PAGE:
Gompers shines as pride of Wynnefield

Sixth-graders Crystael Corbin and Alexander Hattis. — PHOTO BY ABDUL R. SULAYMAN/TRIBUNE CHIEF PHOTOGRAPHER

Known for being one of the best neighborhood schools for elementary students in the Wynnefield area, Samuel Gompers Elementary School provide opportunities for all of their students to reach their personal best academically and personally.

The school strives to consistently deliver research-based, quality instruction in the core content areas of reading, math, science, social studies and 21st century technology. Gompers has made AYP in six of the last eight years.

“We’ve always take pride in providing the best education for our kids,” said principal Philip DeLuca. “Our teachers here do a great job of working together to change children’s lives. We have teachers here that not only go above and beyond academically, but also personally.

“We realize that the majority of our students live in the area and so does a lot of our staff, so we always want to make an effort to not only teach them lessons in the classroom, but also lessons that they can apply in their own community. We want to see all of our students succeed, and the best way to have them succeed is to provide them with the best academic experience in the classroom.”

In addition to the core curriculum, other highlights of the school include art, the school newspaper, gym and computer. The computer lab at Gompers is used by students scheduled for weekly lab classes to enhance the classroom curriculum. Students use the Internet to learn research skills. They use Microsoft Word, Appleworks and PowerPoint presentation software to complete classroom projects. Gompers also has one computer lab for full classroom instruction.

In 2008, The Heart of America Foundation and Target awarded Gompers with a library makeover. Gompers was one of 23 schools to be awarded with the makeover. The project included new books, technology, paint, lighting, customized wall art murals and reading corners. There is also a mini-computer lab in the new library.

Gompers also teamed up with the West Philadelphia Alliance for Children (WEPAC). The non-profit organization helps restore libraries in the West Philadelphia area. The organization also fully stocks the library with books for the school.

“What makes this school so different is all of the different things we learn while we are here,” said fifth-grader Roy-yae Weatherbe. “Through the classes and different programs we’re not just learning at school, but we are also learning about the world. Everything we do is hands-on and everything that we learn connects with what happens in everyday life.

“The teachers make sure we getter better in all of our subjects and they are willing to help when we don’t understand something. They really make learning fun. This school will help me become a better student and person.”

One program that is new at Gompers is Robotics. Gompers guidance counselor Margaret Bryant-Renwick spearheads the program. Renwick is also a former chemist and science teacher. Through the University of Pennsylvania, Gompers was able to receive kits that will help students build and program robots. There are also parent volunteers that helps with the program.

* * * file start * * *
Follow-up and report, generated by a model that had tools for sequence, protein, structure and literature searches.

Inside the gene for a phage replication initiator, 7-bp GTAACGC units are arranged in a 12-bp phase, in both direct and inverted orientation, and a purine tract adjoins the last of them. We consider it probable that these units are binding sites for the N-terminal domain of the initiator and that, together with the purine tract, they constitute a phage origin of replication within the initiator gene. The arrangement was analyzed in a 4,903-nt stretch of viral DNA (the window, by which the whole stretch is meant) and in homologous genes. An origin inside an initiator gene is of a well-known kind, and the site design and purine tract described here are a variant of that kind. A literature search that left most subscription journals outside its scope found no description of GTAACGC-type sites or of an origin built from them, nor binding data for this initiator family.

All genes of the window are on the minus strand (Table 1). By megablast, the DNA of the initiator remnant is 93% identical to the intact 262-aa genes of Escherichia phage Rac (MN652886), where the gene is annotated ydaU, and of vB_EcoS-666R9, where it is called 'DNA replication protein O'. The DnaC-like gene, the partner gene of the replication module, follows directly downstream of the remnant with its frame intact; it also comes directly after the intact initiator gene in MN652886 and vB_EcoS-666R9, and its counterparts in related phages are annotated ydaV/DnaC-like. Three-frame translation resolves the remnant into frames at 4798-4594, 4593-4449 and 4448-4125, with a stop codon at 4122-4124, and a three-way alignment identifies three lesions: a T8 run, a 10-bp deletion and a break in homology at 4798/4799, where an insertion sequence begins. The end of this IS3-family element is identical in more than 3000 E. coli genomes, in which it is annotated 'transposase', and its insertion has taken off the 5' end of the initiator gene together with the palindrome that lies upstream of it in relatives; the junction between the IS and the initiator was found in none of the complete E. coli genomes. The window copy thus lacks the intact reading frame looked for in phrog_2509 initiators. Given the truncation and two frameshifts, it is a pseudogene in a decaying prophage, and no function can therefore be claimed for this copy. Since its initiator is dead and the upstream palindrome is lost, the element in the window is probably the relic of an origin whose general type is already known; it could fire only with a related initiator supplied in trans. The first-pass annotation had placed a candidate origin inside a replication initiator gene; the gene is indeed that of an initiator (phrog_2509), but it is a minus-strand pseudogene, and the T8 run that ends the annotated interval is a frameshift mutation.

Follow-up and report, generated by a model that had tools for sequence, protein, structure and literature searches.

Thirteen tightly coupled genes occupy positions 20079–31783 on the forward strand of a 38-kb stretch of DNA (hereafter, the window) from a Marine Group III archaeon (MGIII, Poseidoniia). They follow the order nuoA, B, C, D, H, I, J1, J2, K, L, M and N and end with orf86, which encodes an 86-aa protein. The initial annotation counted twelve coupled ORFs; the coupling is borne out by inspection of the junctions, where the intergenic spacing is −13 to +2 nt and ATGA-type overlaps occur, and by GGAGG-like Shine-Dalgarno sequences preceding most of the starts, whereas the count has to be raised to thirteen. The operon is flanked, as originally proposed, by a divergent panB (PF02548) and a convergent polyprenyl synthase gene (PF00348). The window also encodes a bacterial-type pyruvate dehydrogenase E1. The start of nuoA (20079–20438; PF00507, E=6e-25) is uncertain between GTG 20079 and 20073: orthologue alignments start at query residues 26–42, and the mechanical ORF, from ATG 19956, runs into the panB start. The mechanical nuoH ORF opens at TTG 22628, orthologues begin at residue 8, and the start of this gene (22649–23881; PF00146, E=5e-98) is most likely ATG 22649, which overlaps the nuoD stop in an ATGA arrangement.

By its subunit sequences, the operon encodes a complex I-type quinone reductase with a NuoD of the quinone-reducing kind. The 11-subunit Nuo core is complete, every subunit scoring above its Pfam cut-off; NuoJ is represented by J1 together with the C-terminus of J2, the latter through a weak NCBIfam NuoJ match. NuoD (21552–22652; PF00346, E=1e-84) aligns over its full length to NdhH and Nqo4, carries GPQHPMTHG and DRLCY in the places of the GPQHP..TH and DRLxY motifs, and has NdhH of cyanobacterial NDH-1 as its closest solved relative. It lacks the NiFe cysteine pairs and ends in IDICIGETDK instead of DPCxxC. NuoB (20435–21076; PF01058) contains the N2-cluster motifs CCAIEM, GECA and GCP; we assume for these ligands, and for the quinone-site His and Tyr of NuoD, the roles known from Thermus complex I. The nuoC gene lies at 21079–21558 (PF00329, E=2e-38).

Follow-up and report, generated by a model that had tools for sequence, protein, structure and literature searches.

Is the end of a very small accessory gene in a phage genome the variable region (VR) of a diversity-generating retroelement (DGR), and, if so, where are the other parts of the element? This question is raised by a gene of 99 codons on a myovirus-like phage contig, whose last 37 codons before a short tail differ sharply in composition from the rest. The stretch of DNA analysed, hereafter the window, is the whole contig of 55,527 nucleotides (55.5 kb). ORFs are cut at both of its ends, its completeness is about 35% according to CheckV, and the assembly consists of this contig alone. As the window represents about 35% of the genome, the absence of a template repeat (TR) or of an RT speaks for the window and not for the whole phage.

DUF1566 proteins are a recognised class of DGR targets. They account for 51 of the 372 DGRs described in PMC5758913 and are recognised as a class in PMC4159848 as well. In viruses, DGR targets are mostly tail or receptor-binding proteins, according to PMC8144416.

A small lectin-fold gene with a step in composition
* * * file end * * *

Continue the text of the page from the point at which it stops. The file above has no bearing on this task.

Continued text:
Last year, the students at Gompers placed in the World Robotics competition in St. Louis. The competition had three different components including robot design and research, core values, and the actual project or task students have to complete within two minutes.

“Because of my background in science, I’m always looking for new ways where I can inspire students to work towards careers in science,” Renwick said. “Robotics is a good way for students to get involve with the First Lego League. Robotics teaches them core values like teamwork, integrity, respect, inspiration, determination, and responsibility. All of these different values will help them grow as individuals. We’ve had a lot of support since starting the program and the kids really love it.”

While sixth-grader Abdul Q. Gardner wasn’t part of the Robotics team last year, his interest in building things is what made him want to be a part of the program this year.

“I always like building things with my hands, so this program is a good way for me to build off of my passion,” Gardner said. “I’m looking forward to learning how to build and program robots. I want to be a scientist when I grow up, so this club will really help me with my dream.”

For fifth-grader Saffiyah Franklin, participating in the robotics program was a new experience for her.

“When I first heard about the program I really didn’t know what it was,” she said. “Once I researched it and found out what it was I knew right away that I wanted to join. Robotics is not an individual sport at all. The program teaches you teamwork and patience.

“Everything we do we have to do together. The competition was definitely a new experience for all us. We met different teams around the country and now we know what it takes to be the best in the competition. All of the lessons we have learned in Robotics and at Gompers will help us succeed in the classroom and in life. This school really does give us the best opportunity to live out our dreams.”

(0) comments

Welcome to the discussion.

Keep it Clean. Please avoid obscene, vulgar, lewd, racist or sexually-oriented language.
Don't Threaten. Threats of harming another person will not be tolerated.
Be Truthful. Don't knowingly lie about anyone or anything.
Be Nice. No racism, sexism or any sort of -ism that is degrading to another person.
Be Proactive. Use the 'Report' link on each comment to let us know of abusive posts.
Share with Us. We'd love to hear eyewitness accounts, the history behind an article.